He told Radio Times: ‘She was at the centre of this storm. The day the story came out, I wrote to Tony Hall, saying, ”If Naga is guilty, then I’m guilty”.
‘At the time I didn’t know I’d been mentioned in the original complaint. The BBC should have given a more robust defence of their presenters.’
The British-Indian presenter hit headlines when she responded to the controversial tweet by Trump as she stated: ‘Every time I have been told, as a woman of colour, to go back to where I came from, that was embedded in racism.
Outrage: Naga was temporarily censured by the BBC after she admitted she was ‘absolutely furious’ at controversial comments made by US President Donald Trump (pictured in March)
‘I’m not accusing anyone of anything here, but you know what certain phrases mean.
‘Furious. Absolutely furious and I can imagine lots of people in this country will be feeling absolutely furious a man in that position thinks it’s OK to skirt the lines by using language like that.’
Following the outrage over the BBC’s ruling, the corporation’s executive Tony sent an email to staff, claiming the decision ‘sparked an important debate about racism and its interpretation’.
He said: ‘Racism is racism and the BBC is not impartial on the topic.There was never a finding against Naga for what she said about the President’s tweet.’
Drama: In the ‘racist’ tweet shared last summer, Trump told four congresswomen to ‘go back home’ to their countries of origin
‘I have looked carefully at all the arguments that have been made and assessed all of the materials.
‘I have also examined the complaint itself. It was only ever in a limited way that there was found to be a breach of our guidelines. These are often finely balanced and difficult judgement.
‘But, in this instance, I don’t think Naga’s words were sufficient to merit a partial uphold of the complaint around the comments she made. There was never any sanction against Naga and I hope this step makes that absolutely clear.’
He hailed Naga as ‘an exceptional journalist and presenter’, adding: ‘I am proud that she works for the BBC.’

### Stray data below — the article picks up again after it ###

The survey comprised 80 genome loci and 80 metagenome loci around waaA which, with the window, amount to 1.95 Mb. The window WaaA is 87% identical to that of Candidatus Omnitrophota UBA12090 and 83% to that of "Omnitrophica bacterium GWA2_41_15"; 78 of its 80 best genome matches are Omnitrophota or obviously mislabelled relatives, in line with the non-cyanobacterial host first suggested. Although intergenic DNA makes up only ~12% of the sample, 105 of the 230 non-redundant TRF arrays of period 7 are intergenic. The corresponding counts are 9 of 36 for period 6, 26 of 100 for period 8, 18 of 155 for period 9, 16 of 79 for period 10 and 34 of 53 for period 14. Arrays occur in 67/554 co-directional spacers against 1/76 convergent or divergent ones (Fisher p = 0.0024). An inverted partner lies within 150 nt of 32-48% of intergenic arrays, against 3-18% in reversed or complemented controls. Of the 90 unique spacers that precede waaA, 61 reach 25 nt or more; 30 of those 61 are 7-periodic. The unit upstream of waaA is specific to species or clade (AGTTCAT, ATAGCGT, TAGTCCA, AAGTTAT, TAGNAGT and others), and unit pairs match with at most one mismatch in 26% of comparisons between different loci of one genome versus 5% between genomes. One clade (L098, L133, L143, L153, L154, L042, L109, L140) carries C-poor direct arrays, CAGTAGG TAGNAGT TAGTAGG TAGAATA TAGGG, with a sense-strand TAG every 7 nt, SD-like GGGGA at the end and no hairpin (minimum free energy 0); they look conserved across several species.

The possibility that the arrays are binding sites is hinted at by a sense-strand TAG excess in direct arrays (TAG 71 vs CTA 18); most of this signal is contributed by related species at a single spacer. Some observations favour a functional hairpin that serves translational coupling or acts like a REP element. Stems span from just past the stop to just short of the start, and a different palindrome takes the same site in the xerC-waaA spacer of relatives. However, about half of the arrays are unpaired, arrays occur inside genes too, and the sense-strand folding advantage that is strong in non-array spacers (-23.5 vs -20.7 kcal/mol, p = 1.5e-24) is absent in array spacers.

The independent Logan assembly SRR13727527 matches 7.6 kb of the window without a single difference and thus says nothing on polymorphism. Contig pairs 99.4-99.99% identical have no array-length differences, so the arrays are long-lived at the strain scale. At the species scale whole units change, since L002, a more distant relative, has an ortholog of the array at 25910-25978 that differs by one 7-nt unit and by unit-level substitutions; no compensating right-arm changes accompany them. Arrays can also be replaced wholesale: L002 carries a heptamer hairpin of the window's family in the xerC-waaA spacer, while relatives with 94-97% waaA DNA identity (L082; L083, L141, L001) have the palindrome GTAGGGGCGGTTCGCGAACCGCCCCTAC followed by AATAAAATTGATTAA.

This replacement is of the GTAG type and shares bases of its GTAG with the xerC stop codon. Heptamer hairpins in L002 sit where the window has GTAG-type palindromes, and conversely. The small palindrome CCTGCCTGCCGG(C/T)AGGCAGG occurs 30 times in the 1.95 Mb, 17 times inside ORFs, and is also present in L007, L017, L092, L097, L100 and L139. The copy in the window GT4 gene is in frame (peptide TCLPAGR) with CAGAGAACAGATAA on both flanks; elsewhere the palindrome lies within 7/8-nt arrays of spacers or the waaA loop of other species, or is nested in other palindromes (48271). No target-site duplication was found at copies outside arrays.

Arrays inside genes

Naga added that she received a lot of support from her family and friends at the time and does not see herself as a victim.
The broadcaster added that she thinks probably every person in a minority has likely felt the experience of not being able to bring their ‘true self’ to work at some point.
Help: Naga added that she received a lot of support from her family and friends at the time and does not see herself as a victim (pictured in December 2019)
Elsewhere in her interview with The Guardian, Naga also opened up about her experiences with racism as a child.
The host recalled an incident, when she was around seven, when she was called a ‘p***’ by another child.
Naga said she didn’t understand what the word meant at the time and was ashamed to tell her parents about it because she felt humiliated at being made to feel different.
She also recalled how her parents, who moved to the UK from India and Mauritius in 1971, were given different names by English people when she was younger as others struggled to pronounce them.
Naga told how her mother, whose name is Muthu, introduced herself as Michelle when showing potential buyers their house, while her father went by David at work.
While the star said the experience upset her, she also understood it as she went by Nadia for a while and even considered changing her name at one point, but is now glad she didn’t.
Cruel: Naga with her mother Muthu who she said was told: ‘You P*** b***h, get your hands off me’ after they moved to England in 1971
In an interview with Vogue, Naga elaborated on her parents’ experiences with racism when she was a child.
She said: ‘My mum has been told, “You P*** b***h, get your hands off me,” when she’s cleaning someone. My dad has been told the same thing. When their cleaning someone’s a***. A racist person’s a***.
‘I’ve lived in south London until eight years ago. And I’ve been told many times “why don’t you just f*** off to where you came from?”
‘So trust me, when things touch you, sometimes you physically can’t let that go. If you’re saying you saw me sit back – frustrated, angry – it’s inevitable when you’ve had these experiences.’
Honest: Naga said she thinks probably every person in a minority has likely felt the experience of not being able to bring their ‘true self’ to work at some point (pictured in May 2019)